A situation in which virus can be used as a therapeutic agent to prevent a lethal autoimmune disease is explored. Nonobese insulin-dependent diabetes (NOD) mice spontaneously develop insulin-dependent diabetes mellitus (IDDM), characterized by lymphocytic infiltration into the islets of Langerhans and beta cell destruction, resulting in hypoinsulinemia, hyperglycemia, ketoacidosis, and death. Infection of NOD mice with lymphocytic choriomeningitis virus (LCMV) aborts the autoimmune manifestations and resultant IDDM. The viruses' effect is on a subset of CD4+ lymphocytes. Ablating this autoimmune diabetes does not significantly alter immune responses to a variety of non-LCMV antigens that require CD4+ lymphocyte participation. The prevention of IDDM associated with viral therapy is maintained throughout the life spans of NOD mice.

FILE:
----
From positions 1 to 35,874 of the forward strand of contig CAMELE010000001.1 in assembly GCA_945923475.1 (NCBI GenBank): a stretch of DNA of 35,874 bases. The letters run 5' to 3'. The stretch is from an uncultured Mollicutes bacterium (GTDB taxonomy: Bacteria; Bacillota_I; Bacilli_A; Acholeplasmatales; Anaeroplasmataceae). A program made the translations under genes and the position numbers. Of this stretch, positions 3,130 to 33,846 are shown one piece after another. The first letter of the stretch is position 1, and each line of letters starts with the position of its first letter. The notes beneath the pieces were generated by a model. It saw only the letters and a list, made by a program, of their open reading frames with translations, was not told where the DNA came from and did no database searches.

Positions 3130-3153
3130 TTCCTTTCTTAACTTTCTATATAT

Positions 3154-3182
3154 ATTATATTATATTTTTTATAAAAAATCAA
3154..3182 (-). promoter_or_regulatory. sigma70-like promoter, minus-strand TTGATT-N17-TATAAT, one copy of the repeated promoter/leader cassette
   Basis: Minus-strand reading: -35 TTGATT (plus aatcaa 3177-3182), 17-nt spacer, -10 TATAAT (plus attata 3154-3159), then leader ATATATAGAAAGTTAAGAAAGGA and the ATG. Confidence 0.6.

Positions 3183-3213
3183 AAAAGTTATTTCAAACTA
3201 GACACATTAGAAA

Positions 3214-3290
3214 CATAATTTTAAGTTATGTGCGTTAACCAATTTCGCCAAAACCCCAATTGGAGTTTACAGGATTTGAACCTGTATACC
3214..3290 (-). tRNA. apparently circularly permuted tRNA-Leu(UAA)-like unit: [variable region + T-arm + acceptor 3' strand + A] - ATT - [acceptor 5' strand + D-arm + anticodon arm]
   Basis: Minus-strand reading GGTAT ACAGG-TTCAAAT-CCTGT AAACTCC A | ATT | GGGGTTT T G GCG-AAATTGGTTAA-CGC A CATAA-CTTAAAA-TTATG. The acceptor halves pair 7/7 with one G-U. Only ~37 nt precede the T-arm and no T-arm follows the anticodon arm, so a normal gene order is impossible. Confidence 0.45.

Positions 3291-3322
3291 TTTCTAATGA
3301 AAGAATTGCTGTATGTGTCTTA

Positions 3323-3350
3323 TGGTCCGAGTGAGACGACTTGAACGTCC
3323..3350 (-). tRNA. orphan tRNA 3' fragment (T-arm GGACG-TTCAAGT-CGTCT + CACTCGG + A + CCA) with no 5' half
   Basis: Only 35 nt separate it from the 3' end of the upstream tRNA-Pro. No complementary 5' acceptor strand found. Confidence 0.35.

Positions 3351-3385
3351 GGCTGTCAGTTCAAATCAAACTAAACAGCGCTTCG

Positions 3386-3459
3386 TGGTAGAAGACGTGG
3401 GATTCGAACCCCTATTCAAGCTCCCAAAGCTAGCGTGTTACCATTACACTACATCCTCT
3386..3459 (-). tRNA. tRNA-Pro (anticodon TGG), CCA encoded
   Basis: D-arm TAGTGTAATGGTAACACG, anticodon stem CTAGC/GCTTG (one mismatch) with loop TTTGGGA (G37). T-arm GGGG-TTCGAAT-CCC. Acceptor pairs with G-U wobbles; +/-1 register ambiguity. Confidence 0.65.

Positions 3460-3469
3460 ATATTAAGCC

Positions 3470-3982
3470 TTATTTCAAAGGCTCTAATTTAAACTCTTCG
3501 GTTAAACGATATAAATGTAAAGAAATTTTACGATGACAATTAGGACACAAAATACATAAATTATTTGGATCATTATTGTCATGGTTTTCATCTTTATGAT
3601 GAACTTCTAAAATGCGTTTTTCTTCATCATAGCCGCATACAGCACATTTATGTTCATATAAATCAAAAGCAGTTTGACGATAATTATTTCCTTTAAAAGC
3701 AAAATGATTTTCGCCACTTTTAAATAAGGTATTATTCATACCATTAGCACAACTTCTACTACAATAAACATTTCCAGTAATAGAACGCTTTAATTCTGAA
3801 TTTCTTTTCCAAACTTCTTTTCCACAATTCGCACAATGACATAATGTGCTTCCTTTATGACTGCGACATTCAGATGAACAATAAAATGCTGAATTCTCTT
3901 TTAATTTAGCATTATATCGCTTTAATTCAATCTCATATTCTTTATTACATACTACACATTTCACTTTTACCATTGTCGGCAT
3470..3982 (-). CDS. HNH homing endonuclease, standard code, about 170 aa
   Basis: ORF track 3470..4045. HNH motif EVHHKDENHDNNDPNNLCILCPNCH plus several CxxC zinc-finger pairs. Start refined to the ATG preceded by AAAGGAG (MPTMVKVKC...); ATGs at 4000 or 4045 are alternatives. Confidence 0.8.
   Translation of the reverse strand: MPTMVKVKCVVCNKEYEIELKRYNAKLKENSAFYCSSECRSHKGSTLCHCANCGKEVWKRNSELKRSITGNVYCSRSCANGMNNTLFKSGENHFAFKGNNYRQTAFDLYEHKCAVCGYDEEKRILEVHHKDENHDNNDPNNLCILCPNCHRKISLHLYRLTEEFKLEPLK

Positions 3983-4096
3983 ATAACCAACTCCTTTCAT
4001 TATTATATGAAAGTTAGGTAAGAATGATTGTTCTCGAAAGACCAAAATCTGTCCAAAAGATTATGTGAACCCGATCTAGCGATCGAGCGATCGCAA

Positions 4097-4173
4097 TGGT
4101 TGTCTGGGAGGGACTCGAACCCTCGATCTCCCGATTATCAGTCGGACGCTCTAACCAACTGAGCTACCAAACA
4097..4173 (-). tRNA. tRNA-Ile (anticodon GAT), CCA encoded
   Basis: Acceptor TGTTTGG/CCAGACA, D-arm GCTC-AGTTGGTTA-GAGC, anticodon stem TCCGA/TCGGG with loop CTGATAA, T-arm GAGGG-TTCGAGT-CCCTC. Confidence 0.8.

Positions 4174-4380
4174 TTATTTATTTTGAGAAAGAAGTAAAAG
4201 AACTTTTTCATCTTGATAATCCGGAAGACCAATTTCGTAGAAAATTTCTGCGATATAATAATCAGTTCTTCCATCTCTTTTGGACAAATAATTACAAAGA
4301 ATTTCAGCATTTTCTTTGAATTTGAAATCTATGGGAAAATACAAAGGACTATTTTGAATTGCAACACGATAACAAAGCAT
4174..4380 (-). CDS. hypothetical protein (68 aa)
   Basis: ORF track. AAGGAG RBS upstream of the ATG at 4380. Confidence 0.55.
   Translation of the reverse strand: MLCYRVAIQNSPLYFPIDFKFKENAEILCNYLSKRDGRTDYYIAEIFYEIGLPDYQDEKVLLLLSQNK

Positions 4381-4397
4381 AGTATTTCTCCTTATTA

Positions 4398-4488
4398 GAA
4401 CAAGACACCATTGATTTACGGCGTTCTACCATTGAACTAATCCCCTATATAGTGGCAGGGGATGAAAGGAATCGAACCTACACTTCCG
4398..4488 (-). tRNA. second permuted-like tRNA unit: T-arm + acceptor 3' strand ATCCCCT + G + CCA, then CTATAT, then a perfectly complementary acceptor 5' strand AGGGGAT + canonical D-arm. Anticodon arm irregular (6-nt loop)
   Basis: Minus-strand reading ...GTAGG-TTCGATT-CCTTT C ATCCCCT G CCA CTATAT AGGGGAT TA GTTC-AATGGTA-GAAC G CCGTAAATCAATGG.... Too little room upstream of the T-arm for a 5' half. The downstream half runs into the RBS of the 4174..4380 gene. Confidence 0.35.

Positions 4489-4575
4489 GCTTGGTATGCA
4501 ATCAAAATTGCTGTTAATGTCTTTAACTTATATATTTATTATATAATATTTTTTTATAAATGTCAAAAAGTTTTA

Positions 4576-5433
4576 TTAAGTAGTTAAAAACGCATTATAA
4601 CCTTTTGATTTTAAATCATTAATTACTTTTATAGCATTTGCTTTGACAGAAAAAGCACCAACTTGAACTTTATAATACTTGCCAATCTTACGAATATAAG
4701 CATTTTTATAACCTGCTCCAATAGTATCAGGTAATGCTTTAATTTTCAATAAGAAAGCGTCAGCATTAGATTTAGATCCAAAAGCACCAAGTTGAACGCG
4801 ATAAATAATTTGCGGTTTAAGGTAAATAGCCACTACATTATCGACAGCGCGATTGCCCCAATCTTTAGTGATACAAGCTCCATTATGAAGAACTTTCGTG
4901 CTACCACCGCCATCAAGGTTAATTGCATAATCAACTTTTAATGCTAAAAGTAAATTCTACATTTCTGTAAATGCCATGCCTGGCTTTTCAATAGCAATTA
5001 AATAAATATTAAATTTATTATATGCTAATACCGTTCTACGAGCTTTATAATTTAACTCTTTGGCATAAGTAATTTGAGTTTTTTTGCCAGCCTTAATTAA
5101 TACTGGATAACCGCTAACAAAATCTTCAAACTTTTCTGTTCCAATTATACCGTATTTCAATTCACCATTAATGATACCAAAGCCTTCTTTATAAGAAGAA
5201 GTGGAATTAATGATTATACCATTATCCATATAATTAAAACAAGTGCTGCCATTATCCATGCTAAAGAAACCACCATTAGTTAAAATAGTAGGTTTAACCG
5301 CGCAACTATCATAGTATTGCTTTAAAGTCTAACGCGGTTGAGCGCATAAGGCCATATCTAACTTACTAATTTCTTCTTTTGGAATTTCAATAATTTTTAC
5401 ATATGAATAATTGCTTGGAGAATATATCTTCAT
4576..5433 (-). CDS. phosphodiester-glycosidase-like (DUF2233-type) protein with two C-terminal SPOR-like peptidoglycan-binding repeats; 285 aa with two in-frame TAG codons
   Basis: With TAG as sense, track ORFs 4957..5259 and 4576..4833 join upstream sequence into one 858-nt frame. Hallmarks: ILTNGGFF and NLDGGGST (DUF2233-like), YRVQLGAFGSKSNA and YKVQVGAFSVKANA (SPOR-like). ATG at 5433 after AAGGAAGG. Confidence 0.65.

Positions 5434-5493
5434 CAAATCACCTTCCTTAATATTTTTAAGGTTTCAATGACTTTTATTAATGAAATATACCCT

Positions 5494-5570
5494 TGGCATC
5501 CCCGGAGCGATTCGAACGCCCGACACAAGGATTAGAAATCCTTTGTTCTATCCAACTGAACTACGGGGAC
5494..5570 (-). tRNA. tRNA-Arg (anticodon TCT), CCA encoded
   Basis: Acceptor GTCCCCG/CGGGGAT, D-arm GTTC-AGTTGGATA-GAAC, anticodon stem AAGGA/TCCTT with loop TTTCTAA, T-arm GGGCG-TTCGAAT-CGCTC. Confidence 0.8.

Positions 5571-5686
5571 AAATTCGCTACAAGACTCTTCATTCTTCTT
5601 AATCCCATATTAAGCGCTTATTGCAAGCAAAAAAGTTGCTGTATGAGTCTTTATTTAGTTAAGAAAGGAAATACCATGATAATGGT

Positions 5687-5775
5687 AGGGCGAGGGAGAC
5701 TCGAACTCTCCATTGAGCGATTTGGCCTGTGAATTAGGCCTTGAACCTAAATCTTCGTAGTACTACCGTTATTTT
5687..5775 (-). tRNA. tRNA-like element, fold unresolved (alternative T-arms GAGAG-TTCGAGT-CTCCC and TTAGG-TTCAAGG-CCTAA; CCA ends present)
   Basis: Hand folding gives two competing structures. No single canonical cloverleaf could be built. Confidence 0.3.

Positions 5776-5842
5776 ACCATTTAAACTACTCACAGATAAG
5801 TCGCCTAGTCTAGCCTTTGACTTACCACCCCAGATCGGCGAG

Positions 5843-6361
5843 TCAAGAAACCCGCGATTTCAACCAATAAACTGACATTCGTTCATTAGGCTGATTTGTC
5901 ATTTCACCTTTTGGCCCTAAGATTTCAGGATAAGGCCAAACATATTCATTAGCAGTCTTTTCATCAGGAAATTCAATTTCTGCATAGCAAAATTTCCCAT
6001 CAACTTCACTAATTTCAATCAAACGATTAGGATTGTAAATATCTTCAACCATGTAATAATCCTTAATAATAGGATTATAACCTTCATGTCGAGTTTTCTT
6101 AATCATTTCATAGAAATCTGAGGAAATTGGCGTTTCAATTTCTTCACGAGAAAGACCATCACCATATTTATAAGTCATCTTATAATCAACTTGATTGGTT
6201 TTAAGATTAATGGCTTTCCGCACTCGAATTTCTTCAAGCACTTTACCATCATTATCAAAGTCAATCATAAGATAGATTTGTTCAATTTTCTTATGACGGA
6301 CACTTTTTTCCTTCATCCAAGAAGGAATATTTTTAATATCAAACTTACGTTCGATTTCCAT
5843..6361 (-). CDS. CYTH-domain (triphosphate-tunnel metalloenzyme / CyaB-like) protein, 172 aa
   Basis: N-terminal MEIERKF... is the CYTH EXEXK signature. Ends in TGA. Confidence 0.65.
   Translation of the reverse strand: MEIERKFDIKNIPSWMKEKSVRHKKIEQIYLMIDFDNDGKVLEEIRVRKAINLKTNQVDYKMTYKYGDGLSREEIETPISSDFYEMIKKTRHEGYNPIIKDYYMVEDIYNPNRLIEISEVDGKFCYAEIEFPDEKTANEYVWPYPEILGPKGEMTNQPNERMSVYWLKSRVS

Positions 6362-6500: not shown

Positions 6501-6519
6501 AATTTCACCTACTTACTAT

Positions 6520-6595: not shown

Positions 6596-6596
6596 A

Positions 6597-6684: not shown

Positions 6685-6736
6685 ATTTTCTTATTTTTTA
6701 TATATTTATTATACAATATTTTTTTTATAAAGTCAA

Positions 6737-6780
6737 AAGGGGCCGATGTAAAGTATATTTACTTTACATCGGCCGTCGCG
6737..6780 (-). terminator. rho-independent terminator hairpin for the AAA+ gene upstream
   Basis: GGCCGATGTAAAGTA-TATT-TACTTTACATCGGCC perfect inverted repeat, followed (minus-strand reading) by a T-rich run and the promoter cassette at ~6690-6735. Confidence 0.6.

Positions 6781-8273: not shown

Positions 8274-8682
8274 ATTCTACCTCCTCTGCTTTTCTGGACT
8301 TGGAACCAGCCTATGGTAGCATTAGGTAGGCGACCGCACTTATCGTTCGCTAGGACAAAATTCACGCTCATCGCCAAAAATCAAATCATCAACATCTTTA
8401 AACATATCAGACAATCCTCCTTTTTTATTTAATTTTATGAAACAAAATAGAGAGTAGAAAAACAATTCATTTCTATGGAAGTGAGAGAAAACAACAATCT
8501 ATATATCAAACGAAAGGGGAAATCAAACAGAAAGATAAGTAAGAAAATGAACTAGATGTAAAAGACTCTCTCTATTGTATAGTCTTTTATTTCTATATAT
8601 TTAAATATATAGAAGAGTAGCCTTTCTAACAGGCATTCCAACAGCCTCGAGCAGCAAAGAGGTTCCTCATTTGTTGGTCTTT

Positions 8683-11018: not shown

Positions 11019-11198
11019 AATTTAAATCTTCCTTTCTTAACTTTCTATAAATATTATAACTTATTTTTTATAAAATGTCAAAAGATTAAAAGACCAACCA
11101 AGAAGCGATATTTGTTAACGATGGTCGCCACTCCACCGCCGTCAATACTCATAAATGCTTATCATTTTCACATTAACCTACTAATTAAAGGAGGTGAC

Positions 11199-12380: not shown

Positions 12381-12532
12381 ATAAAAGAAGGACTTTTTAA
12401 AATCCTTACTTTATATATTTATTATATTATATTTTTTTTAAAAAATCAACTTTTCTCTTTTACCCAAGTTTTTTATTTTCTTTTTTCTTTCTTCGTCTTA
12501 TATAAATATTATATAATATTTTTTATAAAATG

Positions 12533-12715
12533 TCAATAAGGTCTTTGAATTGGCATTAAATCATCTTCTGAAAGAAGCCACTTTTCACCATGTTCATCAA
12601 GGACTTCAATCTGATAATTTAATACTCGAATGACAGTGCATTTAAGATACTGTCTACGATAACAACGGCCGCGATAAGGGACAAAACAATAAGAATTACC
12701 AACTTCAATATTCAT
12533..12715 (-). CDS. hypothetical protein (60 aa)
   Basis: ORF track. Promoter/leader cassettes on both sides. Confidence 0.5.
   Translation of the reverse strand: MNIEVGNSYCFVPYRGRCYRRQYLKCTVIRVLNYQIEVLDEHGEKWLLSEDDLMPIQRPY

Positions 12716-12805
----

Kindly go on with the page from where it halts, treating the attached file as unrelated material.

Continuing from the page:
Viruses as therapeutic agents. I. Treatment of nonobese insulin-dependent diabetes mice with virus prevents insulin-dependent diabetes mellitus while maintaining general immune competence.
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M B Oldstone; Viruses as therapeutic agents. I. Treatment of nonobese insulin-dependent diabetes mice with virus prevents insulin-dependent diabetes mellitus while maintaining general immune competence.. J Exp Med 1 June 1990; 171 (6): 2077–2089. doi: https://doi.org/10.1084/jem.171.6.2077
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